So my dark feeling wasn’t because I disliked Jon or Christopher in any way.

What I knew was that this ceremony spelled the death of something—and the birth of something else. Something completely unknown to me.

Until this moment, I had been the most important man in their lives. As their parents, Bobbie and I had been the go-to folks for decisions, big and small. Our home was their home. But on this day—with one promise—all of that died.

What was born in that ceremony was a new most-important man, a new go-to guy, and a new marriage in a brand-new home. And on that wedding day—and the one five years later—something else was born, a role I had never known before: father of a married woman and father-in-law to a man I hadn’t raised.

More than two decades of hard-fought relationships with our daughters were instantly demoted to second string.

For each of them, there was a new superstar in town. And a relationship between my daughters and me that was going to need some adjustment.

Some serious remodeling.

The Big Idea of Remodeling

The early years of raising of our daughters are, in many ways, like new construction. House building. It’s a dad’s privileged responsibility to take the raw material of that tiny, helpless baby girl and shape her into completeness.

But now that she’s married, we’re taking the relationship we’ve built with our daughter for twenty-some years and retrofitting it into something different . . . not defining, but redefining.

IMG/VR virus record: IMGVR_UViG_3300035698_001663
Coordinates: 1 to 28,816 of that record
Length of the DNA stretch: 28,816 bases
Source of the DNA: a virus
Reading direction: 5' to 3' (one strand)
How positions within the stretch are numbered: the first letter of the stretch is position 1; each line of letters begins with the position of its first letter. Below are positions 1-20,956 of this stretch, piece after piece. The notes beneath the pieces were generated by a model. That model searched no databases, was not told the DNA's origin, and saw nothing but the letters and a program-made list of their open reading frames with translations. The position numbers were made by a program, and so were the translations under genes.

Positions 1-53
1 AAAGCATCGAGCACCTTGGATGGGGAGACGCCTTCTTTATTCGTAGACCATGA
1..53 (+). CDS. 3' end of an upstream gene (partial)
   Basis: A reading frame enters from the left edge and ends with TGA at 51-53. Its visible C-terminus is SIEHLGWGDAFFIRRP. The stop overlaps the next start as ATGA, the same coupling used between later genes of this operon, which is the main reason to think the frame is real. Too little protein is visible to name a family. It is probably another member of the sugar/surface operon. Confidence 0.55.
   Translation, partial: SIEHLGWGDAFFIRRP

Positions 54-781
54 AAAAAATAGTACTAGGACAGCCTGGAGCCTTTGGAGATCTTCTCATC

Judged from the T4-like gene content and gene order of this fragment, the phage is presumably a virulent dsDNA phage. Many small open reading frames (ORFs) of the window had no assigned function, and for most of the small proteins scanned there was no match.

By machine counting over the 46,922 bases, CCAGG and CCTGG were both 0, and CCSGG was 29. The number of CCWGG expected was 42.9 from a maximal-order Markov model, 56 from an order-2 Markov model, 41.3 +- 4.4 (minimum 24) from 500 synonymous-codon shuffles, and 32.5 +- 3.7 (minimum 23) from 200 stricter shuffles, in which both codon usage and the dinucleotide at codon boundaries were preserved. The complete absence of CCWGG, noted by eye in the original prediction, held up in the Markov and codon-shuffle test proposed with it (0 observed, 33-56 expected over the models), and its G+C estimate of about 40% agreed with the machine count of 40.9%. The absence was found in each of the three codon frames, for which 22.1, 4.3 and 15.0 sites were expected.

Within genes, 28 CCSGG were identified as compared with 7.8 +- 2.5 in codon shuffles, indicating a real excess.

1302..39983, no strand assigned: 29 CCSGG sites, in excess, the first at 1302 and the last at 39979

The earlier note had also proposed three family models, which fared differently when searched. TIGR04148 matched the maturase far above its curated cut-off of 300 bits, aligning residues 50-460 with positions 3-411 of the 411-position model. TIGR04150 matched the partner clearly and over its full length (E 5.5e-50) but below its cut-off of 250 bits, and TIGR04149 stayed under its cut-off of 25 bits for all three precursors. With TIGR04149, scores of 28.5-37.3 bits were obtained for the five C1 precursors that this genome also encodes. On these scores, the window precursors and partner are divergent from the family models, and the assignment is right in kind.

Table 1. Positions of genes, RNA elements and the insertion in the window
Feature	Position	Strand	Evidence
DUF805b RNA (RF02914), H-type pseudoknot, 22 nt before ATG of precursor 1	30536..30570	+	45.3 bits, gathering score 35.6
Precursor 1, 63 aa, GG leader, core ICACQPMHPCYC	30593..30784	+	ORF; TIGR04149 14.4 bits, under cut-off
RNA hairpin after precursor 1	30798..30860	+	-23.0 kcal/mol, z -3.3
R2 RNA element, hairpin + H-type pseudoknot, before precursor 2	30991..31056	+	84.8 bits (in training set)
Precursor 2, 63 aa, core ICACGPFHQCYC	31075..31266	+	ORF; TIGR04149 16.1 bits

What happens when our daughter takes our arm and we walk her down the aisle and say, “Her mother and I do,” is incredibly consequential. Our association with this woman will never be the same. It must be radically changed. Remodeled. If we don’t do this well, serious trouble awaits us. But if we are successful, this remodeled relationship with our daughter can be amazing.

If you have ever tackled a home remodeling project, you know what I’m about to say. If you haven’t, you can ask someone who has . . . or you can trust me with the following truth: remodeling is far more difficult than tackling new construction.

Building from scratch can be plotted and planned and controlled. Remodeling is a mystery. Surprises, twists, and unexpected turns are inevitable. New construction includes the precision of following a blueprint. Successful remodeling is solving one problem after another.

When we’re starting from scratch, we can roll out the plans on the hood of Old Blue and go for it. New construction is fairly predictable. Precise. But when we’re radically changing something that already exists—rebuilding something—we take it a day at a time. We brace for the unexpected and unforeseen surprises and roadblocks. Just like when our daughters get married.  

Published June 18, 2009.


Excerpted from Robert Wolgemuth's new book She Still Calls Me Daddy: Building a New Relationship with Your Married Daughter After You Walk Her Down the Aisle (Tyndale House, 1999).

Parents of two daughters and grandparents of five, Robert and Bobbie Wolgemuth are the authors of more than 20 books. Robert’s bestselling titles include She Calls Me Daddy, the notes to the Devotional Bible for Dads, and The Most Important Place on Earth. Bobbie’s books include the Gold Medallion best-seller, Hymns for a Kid’s Heart, co-authored with Joni Eareckson Tada.

They have had the privilege of nurturing their own children’s faith. Now Robert and Bobbie celebrate as the next generation is being led to Jesus Christ.